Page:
Having just wrapped 3 really well-received book related events in the San Francisco Bay Area this week, I wanted to give y’all the scoop on an upcoming pay it forward style networking event that’s taking place in Seattle, WA on Tuesday, March 2, 2010 at Twist in Belltown:
“After reading Sandy Jones-Kaminski’s book (I’m at a Networking Event–Now What???), I had an opportunity to meet her recently and became even more impressed. The result is that along with Career Horizons and Bella Domain, we will be hosting a PIF Networking workshop on March 2 and I couldn’t be more excited.
One of my earlier posts characterizes “Job Socials” as way too similar to a Jr High School Dance, just swap the boys and girls with recruiters and job seekers and the picture is complete. What we will be doing at this event is teaching a way skip that whole thing and providing an opportunity to network with a variety of folks.”
Pay it Forward Networking Workshop, March 2. RSVP at the Meetup group Notes From the Job Search.
UPDATE: Feedback about this event can be found HERE. What a great group!Read More
In this next meeting, we’ll be joined by a good friend of Career Horizons and one of the top local experts on professional networking, Sandy Jones-Kaminski of Bella Domain. Having recently published her new book, mentioned above, Sandy has agreed to come share some of her top tips about how to win friends and influence people in the modern marketplace. A huge proponent of the “pay it forward” philosophy, she’ll be discussing some personal stories of how she’s leveraged her network of relationships to great effect and how her constant attempts to assist others have brought her many levels of personal/professional prosperity, in return. It should be an exciting discussion, and in the first hour of the meeting, we’ll also be engaging in some networking exercises and icebreakers designed to help all of you make some new acquaintances and become more effective at this important interpersonal aspect of the job search process.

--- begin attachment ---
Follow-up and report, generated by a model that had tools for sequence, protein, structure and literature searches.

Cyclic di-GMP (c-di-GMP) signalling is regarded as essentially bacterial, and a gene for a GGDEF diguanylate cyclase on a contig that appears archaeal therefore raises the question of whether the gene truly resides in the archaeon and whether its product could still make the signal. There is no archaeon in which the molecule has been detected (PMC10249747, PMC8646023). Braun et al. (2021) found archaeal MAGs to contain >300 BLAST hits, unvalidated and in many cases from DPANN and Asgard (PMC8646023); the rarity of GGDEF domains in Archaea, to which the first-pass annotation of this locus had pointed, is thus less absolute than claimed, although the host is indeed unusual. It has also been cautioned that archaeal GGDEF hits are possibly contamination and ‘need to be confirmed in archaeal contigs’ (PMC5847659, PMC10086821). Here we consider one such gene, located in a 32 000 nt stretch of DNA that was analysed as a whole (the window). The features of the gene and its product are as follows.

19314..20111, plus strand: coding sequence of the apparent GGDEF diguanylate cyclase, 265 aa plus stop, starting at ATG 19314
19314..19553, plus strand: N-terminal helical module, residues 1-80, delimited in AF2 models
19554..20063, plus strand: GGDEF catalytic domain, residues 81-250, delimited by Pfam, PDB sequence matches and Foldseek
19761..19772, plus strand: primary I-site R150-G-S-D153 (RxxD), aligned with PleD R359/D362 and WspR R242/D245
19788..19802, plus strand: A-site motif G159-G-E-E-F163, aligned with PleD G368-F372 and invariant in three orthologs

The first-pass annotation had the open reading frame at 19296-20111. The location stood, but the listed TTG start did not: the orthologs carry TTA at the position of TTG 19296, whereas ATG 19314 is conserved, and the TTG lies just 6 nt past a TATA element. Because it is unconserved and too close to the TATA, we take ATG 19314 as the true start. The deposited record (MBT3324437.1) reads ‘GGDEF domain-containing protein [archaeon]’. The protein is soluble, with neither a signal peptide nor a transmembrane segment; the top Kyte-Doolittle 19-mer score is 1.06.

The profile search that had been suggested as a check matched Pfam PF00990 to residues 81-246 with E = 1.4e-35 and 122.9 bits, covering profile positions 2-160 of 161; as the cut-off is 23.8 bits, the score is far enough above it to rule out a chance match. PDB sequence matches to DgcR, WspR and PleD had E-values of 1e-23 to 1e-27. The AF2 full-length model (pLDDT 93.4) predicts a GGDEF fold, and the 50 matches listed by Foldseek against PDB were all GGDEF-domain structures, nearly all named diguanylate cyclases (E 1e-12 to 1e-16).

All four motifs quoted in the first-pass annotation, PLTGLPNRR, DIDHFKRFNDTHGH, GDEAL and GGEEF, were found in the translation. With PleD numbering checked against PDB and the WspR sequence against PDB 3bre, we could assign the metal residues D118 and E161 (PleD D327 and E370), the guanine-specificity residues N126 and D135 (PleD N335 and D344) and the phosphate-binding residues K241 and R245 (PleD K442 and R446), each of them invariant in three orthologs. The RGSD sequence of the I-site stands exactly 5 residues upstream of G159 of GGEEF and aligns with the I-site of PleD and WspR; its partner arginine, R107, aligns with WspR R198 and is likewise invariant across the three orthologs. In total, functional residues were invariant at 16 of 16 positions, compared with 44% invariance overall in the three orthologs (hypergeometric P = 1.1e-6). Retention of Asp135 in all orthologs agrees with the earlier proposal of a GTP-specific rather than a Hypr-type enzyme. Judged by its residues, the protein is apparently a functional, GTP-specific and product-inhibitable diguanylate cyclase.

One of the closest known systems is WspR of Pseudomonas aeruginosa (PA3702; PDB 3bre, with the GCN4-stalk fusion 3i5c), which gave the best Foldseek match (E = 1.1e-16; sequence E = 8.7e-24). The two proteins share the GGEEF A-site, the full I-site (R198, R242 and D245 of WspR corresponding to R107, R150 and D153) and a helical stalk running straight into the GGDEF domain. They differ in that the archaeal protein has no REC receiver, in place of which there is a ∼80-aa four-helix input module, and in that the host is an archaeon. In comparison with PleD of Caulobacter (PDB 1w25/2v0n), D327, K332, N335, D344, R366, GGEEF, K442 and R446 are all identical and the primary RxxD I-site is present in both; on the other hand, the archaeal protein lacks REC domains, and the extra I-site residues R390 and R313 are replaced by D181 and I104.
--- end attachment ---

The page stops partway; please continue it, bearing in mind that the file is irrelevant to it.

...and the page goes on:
One of the things I reviewed with the group had to do with some networking myths (included below) which I believe I adequately debunked during the presentation. My goal was to set the stage for all 47 of his guests to read the gift copy of my book (he provided them) with a much more open mind. Based on the feedback I received at the end of the event, as well as Matt’s kudos, it appears I did fairly well and I think I even achieved my goal!
What a great time I had and what a wonderful group this was to be part of today! Thanks so much Matt – you’d be hard-pressed to find a bigger fan than moi!
|Myth #1: Networking means you’re looking to use people to achieve selfish goals, or opportunistically ask people for help. REALITY: The definition of the word network according to The Oxford Dictionary:nétwerkn. & v. a group of people who exchange information, contacts, and experience for professional or social purposes.
Networking can be defined as one’s efforts to create this group, and of course it can be done honestly and considerately!
|Myth #2: You have to be a born networker or a natural at it. REALITY: The skills needed to be an effective networker can be learned by anyone. Get comfortable asking folks you meet, “So, what are you working on these days?” or, “What do you need help with right now?” Then, just read my new book titled, “I’m at a Networking Event—Now What???” for more ways to further develop your networking muscle.|
|Myth #3: You must have above average charisma to be a good networker. REALITY: You merely need to be thoughtful, sincere and genuinely helpful. You get offered a job or opportunities from people who are trusting of you. There IS a hidden job market out there, but you have to be willing to be open and giving to be part of it.||Myth #4: You have to be a good talker or an overly chatty “schmoozer” to be a good networker. REALITY: The truth is it is almost the exact opposite. According to Guy Kawasaki, co-founder of Garage Technology Ventures, Forbes columnist, and author of the recently published, Reality Check, “The mark of a good conversationalist is not that you can talk a lot. The mark is that you can get others to talk a lot. Thus, good schmoozerʼs are good listeners, not good talkers.”|
Check out the video we just got up on YouTube and please share it w/your peeps! Thanks to Keith, Geoff, Marc, Kendra, Julia and Karin for the great giggle (watch – you’ll see).